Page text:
By Zachariasz Czerwiński (he/him)
Artwork by Mary Martin (she/her)
This review is a part of our Glasgow Film Festival review series. The Film Festival is running between 01/03/23-12/03/23, don’t miss out and go and see some incredible new films.
Lullaby is the director Alauda Ruiz de Azúa’s debut feature length film, it premiered at last year’s Berlinale and received rave reviews at home in Spain. Its success internationally is also to be noted, it was picked as one of the Spanish entries for the Foreign Language Academy Award. Azúa has even landed himself a deal for a Netflix show because of it. This touching portrait of a young mother has now arrived for its UK premiere at the Glasgow Film Festival.
Be advised – watching Lullaby will make you want to call your mum and simply say thank you.
Lullaby is a film about caring. It follows Amaia (the brilliant Laia Costa), a thirty-five-year-old creative freelancer, who has just become a mother to little Joni. When her partner Javi (Mikel Bustamante) has to go away for work, leaving the struggling Amaia on her own, she decides to get help from her parents Begoña (Susi Sanchez) and Kaldo (Ramon Barea). Amaia goes to stay with her parents at their coastal home on the Bay of Biscay. Something she does not find easy. Amaia struggles to understand herself as a mother while she sleeps in her childhood bedroom, often clashing with her own mother over little things. What eventually brings them together is the titular lullaby. It is a story of five little wolf cubs called cinco lobitos, that the child hears first from their mother, and later from their grandmother.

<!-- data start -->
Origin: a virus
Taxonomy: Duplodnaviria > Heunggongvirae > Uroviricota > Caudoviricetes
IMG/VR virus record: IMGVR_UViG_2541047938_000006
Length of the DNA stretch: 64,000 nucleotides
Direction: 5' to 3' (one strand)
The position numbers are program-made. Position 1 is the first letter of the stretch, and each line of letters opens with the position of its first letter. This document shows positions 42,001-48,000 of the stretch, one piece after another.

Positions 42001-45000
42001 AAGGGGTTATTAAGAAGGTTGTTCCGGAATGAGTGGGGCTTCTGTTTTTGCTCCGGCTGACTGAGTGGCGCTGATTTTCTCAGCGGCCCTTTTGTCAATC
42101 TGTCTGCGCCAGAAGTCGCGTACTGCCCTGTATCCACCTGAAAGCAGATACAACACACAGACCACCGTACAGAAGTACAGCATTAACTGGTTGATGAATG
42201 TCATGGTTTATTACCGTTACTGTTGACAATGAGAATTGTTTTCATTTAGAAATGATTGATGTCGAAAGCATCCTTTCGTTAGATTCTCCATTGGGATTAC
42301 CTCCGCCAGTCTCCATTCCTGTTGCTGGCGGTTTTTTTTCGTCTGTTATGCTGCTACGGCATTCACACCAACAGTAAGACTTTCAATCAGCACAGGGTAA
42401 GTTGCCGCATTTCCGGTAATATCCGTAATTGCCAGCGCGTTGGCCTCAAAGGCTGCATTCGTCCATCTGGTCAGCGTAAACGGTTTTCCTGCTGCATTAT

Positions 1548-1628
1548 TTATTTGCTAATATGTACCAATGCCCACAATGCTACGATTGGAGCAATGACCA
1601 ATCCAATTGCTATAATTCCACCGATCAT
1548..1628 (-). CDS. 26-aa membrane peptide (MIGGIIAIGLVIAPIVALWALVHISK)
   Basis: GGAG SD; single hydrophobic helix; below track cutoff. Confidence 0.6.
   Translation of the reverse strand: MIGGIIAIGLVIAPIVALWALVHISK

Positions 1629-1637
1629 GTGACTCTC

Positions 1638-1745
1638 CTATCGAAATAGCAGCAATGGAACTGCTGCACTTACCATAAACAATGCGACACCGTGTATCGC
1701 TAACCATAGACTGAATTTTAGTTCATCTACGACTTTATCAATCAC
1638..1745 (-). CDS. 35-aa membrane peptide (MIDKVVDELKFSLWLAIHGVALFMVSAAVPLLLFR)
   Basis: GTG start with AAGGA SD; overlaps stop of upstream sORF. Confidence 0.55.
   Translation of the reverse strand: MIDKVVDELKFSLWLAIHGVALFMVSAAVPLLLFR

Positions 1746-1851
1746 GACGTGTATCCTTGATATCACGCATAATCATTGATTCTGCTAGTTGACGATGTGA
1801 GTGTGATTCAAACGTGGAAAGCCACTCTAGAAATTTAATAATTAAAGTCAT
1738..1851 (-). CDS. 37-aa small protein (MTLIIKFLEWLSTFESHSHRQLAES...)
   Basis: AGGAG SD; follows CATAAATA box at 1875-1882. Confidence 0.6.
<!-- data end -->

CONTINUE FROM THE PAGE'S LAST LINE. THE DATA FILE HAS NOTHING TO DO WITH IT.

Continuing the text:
The film’s central dynamic, between mother and daughter, serves to offer a generational perspective on caring, a role that fundamentally defines many women’s lives. It’s far from a rosy picture. We see Amaia cry so much, whether from physical pain or mental exhaustion. Azúa also shows the countless sacrifices of motherhood, from the smaller, day-to-day lack of personal time to the impact it has on significant life choices: having to turn down work, or even being forced to stay in a loveless relationship. Caring is very much a female role in Lullaby; the men are strikingly inept, providers but never present, lacking confidence, asking countless questions, never understanding what is required of them.
Filmed with a lovely naturalistic flair, Azúa notices beauty in simplicity, following life’s small moments with a stripped-down approach. With no soundtrack, the emotional impact of what we see on the screen is heightened. The way she swiftly follows the family between the cooking, cleaning and talking, is executed with a deft lightness, this is testament to her skill as an observer. There are many brilliant performances all round, but Laia Costa and Susi Sanchez deserve special praise.
It comes as no surprise to hear Pedro Almodóvar himself call it ‘the best debut in Spanish cinema for years’. Lullaby is a beautifully humanistic and empathetic picture, full of tears and screams and sighs and laughs, moments that touched me and moments that moved me. You won’t regret watching it.